Books should be read, not banned
3 August 2017
Lawyers for Liberty view with grave concern the government’s continued trigger happy approach in using the Printing Presses and Publications Act 1984 to arbitrarily ban books they find prejudicial to public order, morality or security, including books on moderate and progressive interpretations of Islam.
In particular, the banning of “Breaking the Silence: Voices of Moderation – Islam in a Constitutional Democracy” by G25, “From Majapahit to Putrajaya: Searching for Another Malaysia” by Dr. Farish A Noor, and “Menuju Reformasi Perundangan Islam” by Professor Abdullahi Ahmed An-Na’im raises serious concerns regarding the government’s commitment to fundamental freedoms, academia and intellectual knowledge.
“Breaking the Silence”, is a collection of scholarly articles by G25, calling for a more moderate approach to Islam and for the Federal Constitution to be upheld in order to tackle intolerance and extremism.
In a similar vein, “Menuju Reformasi Perundangan Islam”, a translation of the book “Toward an Islamic Reformation” by Prof. Abdullahi Ahmed An-Na’im of the Emory University School of Law, a distinguished scholar of constitutionalism and human rights in Islam, calls for the reformation of Syariah law and for it to be line with international law and human rights.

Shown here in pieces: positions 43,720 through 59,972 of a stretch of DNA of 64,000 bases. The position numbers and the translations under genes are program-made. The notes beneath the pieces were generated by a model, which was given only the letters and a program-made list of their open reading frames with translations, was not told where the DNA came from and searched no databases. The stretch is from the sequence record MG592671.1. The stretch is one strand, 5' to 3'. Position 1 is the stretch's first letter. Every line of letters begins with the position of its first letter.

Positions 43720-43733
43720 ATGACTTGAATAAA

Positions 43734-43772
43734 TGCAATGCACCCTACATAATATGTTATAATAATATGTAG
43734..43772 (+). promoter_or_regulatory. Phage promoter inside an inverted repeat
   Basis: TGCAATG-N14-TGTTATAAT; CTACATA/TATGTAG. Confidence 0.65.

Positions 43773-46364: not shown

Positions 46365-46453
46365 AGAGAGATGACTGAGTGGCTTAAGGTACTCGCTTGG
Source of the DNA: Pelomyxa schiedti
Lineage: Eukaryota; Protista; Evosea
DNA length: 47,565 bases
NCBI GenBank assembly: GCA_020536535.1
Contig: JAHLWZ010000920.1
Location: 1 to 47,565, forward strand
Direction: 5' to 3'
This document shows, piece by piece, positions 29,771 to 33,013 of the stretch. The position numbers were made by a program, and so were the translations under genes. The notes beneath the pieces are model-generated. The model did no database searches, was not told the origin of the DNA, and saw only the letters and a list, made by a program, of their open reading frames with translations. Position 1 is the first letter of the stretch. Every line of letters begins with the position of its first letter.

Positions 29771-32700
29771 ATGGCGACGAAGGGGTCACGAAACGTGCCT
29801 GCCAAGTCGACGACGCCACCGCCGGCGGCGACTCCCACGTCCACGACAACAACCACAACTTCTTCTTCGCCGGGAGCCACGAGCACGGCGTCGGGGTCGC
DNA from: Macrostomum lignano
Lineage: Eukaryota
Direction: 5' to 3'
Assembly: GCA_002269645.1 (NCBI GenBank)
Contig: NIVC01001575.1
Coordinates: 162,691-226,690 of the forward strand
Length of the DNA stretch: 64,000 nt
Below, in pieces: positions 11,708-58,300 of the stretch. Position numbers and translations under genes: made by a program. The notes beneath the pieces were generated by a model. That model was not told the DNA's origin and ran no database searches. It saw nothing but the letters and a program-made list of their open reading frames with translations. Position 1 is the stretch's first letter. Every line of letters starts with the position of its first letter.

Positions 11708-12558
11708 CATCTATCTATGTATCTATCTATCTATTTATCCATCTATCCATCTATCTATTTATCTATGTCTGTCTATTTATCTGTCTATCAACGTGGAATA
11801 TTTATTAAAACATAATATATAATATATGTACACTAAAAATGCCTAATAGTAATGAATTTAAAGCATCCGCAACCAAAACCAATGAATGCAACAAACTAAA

Finally, “From Majapahit to Putrajaya”, by renowned historian Dr. Farish A Noor of the S Rajaratnam School of International Studies at Nanyang Technological University, critically analyses the contemporary rise of Malay nationalism and Islamic extremism in Malaysia and Indonesia.
By no stretch of the imagination have any of these books at any time remotely threatened public disorder or security to justify the authorities banning them. Furthermore, none of the three books are recent publications, with the latter two being in print for over a decade. Therefore, the government’s ban can only be described as irrational and out of step with reality, especially in the age of the Internet and social media. It has also turned the Prime Minister’s repeated claim that Malaysia was a model of moderate Islam, as meaningless and without basis.
The banning of such books can only be counterproductive of the government’s own efforts to curb extremism in the country. The suppression of debate on the current narrative regarding religion, particularly Islam, can only further embolden the intolerant environment that is unaccepting of different viewpoints and especially of minority rights, and has led to increasing numbers of individuals being radicalised.
Hundreds of Malaysians have been arrested by the police for suspected ISIS-related activities and many more are fighting or supporting them in Syria, Iraq and the Philippines. More recently, death threats against lawyer Siti Kasim for her LGBT views and calls for Marina Mahathir’s faith to be investigated following her ‘liking’ of a pro-LGBT tweet demonstrate the intolerant climate that is threatening all those who are seen to be have ‘adverse’ viewpoints on Islam.
Malaysia, as a supposedly modern democracy, should not continue down the path of repression and totalitarianism where books can be banned on a whim. Why fear differing viewpoints and knowledge? Books should be read, not banned, confiscated and destroyed.
Book banning is a relic from a bygone era, an irrational policy that can only set back the Prime Minister’s ambitious Transformasi Nasional (TN50) plan. It has no place in any modern and civilised society, much less among the top 20 nations of the world as Malaysia aspires to be by 2050. We therefore call for the ban of these books and others to be lifted.
Lawyers for Liberty